Tuesday, July 10, 2012

Steve Jones - Darwin's Island: The Galapagos in the Garden of England

Charles Darwin's most famous book, indeed the only one that most people would be able to name, is The Origin of the Species. It is justifiably famous, a brilliant work that stunned and shook up the scientific world when it was first published. But Darwin was far more than a one book man, and many of his other books seem obscure, but when they were published they were also sensations. Darwin wrote extensively, but today is most remembered (aside from Origin) for his five year voyage. When he returned home from that trip, which took him aboard the Beagle to the Galapagos islands and South America, he never again left England. Yet for the remainder of his life his output was prodigious and varied.

Steve Jones' book is an examination of the rest of Darwin's work. Writing on everything from Barnacles, to sex, from pollination mechanisms in plants to the humble earthwork, Darwin's books broke new scientific territory with every publication. Darwin's method was far from the random, directionless work that this varied output might seem, in fact, his life can be seen as a scientific trajectory, his early work on barnacles for instance putting in place ideas and seeds that would bear fruit in later studies.

Darwin was also a careful and innovative experimenter. In his attempts to understand the importance of the earthworm in producing the fertile soil that agriculture depends upon, his experiments involved everything from the measurement of the rate at which waste materials were buried, the speed of subsidence of ancient monuments and, perhaps unbelievably, the playing of instruments at worms. Darwin and his son noted that earthworms appear to demonstrate a level of intelligence, pulling leaves into their burrows using the thinnest ends, rather than the wider parts. Jones calls this the "first real experiment on invertebrate psychology" and notes that the importance of Darwin's work on soil has laid the foundation for the science that must now deal with the worsening condition of planetary earth, degraded and depleted by centuries of agriculture.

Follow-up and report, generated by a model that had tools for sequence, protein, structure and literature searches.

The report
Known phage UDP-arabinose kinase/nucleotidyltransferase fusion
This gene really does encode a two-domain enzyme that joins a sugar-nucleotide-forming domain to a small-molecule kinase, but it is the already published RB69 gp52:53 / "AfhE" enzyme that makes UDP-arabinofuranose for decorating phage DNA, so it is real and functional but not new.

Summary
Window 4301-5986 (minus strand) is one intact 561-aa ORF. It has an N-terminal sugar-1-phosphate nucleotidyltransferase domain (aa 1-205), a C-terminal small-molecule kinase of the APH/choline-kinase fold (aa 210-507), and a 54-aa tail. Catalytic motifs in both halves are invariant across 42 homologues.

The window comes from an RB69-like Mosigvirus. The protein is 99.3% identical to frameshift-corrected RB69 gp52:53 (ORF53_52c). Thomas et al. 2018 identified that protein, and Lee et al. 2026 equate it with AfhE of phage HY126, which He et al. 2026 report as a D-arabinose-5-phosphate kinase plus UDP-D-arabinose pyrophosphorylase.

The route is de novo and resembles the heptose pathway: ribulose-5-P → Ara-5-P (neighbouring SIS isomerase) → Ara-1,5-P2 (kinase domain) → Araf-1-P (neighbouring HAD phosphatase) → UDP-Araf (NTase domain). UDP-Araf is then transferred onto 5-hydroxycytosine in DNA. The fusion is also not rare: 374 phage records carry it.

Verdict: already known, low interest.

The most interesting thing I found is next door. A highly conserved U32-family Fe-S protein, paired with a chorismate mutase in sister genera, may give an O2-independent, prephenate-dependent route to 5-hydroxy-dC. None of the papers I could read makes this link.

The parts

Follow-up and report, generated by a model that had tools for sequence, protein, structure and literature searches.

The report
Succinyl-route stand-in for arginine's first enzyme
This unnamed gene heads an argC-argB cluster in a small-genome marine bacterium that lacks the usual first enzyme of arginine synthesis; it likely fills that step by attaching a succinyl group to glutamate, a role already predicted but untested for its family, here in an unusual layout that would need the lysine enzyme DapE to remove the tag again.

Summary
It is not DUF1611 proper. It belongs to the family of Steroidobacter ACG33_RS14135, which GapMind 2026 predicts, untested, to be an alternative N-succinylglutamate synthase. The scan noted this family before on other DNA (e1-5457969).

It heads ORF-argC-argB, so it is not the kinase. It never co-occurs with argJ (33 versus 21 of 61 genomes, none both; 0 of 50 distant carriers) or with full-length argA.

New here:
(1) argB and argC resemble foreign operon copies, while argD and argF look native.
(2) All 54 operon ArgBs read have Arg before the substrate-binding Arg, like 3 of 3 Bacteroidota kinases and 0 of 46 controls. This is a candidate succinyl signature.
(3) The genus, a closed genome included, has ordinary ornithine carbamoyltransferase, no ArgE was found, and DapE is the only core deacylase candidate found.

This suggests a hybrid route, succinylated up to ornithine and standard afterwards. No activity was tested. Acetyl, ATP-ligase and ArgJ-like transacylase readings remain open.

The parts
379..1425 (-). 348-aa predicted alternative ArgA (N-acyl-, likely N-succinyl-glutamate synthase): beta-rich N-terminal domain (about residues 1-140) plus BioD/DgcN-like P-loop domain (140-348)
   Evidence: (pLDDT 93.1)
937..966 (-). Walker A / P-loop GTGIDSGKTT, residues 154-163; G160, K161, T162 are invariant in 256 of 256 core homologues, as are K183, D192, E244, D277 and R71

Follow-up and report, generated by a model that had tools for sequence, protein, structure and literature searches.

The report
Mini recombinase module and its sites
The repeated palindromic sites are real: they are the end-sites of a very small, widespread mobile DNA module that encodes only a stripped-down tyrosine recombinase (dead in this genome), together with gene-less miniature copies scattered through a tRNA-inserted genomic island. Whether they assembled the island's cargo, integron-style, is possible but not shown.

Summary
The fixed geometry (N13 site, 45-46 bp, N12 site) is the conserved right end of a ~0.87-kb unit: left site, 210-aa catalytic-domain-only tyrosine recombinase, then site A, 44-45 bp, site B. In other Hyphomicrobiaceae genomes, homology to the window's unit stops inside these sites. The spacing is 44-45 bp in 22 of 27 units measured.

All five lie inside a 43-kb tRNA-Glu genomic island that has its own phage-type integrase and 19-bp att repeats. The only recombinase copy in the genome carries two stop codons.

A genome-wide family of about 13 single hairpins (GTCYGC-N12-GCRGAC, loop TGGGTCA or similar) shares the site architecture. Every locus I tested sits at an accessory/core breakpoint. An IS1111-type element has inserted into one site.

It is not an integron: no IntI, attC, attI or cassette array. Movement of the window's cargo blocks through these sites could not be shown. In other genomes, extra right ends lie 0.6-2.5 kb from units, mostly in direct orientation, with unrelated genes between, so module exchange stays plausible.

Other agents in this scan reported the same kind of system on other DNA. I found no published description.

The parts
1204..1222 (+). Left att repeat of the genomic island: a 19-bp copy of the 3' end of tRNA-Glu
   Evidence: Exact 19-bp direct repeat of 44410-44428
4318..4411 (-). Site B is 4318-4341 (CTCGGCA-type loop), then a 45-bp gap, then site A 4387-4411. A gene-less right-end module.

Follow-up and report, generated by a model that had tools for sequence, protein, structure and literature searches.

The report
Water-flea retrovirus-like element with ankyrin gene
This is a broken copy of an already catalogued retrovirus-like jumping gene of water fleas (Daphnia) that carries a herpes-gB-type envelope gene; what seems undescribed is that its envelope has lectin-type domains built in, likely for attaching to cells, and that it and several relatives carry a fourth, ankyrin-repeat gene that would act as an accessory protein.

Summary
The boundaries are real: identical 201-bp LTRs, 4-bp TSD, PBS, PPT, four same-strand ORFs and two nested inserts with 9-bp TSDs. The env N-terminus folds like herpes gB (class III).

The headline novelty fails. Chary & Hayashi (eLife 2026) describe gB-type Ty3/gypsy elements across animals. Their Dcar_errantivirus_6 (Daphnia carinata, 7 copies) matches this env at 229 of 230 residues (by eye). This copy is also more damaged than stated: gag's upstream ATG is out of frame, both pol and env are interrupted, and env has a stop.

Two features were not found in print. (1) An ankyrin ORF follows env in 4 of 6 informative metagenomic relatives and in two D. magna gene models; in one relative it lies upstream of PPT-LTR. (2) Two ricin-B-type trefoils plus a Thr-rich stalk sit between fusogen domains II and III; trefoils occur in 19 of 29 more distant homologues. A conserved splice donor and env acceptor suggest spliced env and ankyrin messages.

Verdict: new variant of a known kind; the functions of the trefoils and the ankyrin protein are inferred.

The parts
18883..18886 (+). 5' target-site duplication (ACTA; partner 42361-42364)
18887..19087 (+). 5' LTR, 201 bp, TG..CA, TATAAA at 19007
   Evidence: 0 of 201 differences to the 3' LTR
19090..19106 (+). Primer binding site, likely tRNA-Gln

Jones' looks at each of Darwin's works in turn, and this makes for a varied book. Darwin never seemed to go for short titles, his work on worms is called The Formation of Vegetable Mould, though the Action of Worms, with Observations of their Habits. Jones' own writing is good enough to make such a title seem an attractive prospect for the ordinary reader.

This is not a biography, though it contains much biographical information. Rather it is an exploration of Darwin's science. One of the interesting things that comes through, is the way that Victorian science was very much a multi-disciplinary subject. Earthworms were important for agriculture. Barnacles impacted on ships and their ability to conduct trade. Darwin's studies of the impact of marriage between cousin's had enormous social implications (Parliament refused to include questions about this type of marriage in their population census, despite Darwin's hopes, because Queen Victoria had married her cousin, and it was considered that it might insult her Royalness).

Jones' brings Darwin's books and science up to date. Surprisingly, Darwin's work is often considered a standard text today, but obviously science has moved on. Most importantly, genetic science and the understanding of DNA have allowed scientists to build dramatically on Darwin's early studies. This makes for a rounded book, that looks backward as well as forward. It is also full of fascinating anecdotes and information (who knew that all the apples we eat today are the descendants of just two trees in Kazakhstan?).

Science today seems a very narrow collection of disciplines. Scientists spend their lives studying a narrow portion of even their own subjects. Steve Jones' book reminds us that true science should be about understanding the inter-relation of subjects and ideas. Darwin's genius was to lay the foundations of many areas of study. His work continues to inspire today, and Jones' book is an excellent introduction to some of the more obscure and forgotten parts of that work.

Related Reviews

Simons - Darwin Slept Here
Desmond & Moore - Darwin's Sacred Cause
Darwin - The Voyage of the Beagle

1 comment:

Anna said...

What I always found interesting about Darwin was that despite an earlier in life obsession with beetles, he spent 7 years instead studying barnacles in depth. Was it because everything about beetles was known at that time? I cannot remember. My other favourite Darwin science anecdote was when he was studying birds in depth and, through the scientific grapevine of the day, received from Alfred Russel Wallace a bird from Malaysia. Apparently Wallace had tossed it in with a shipment he was sending to his benefactors in London with a note that it should be sent to Darwin as he "might find it useful for his research".

I'll be adding this one to the tbr list for sure.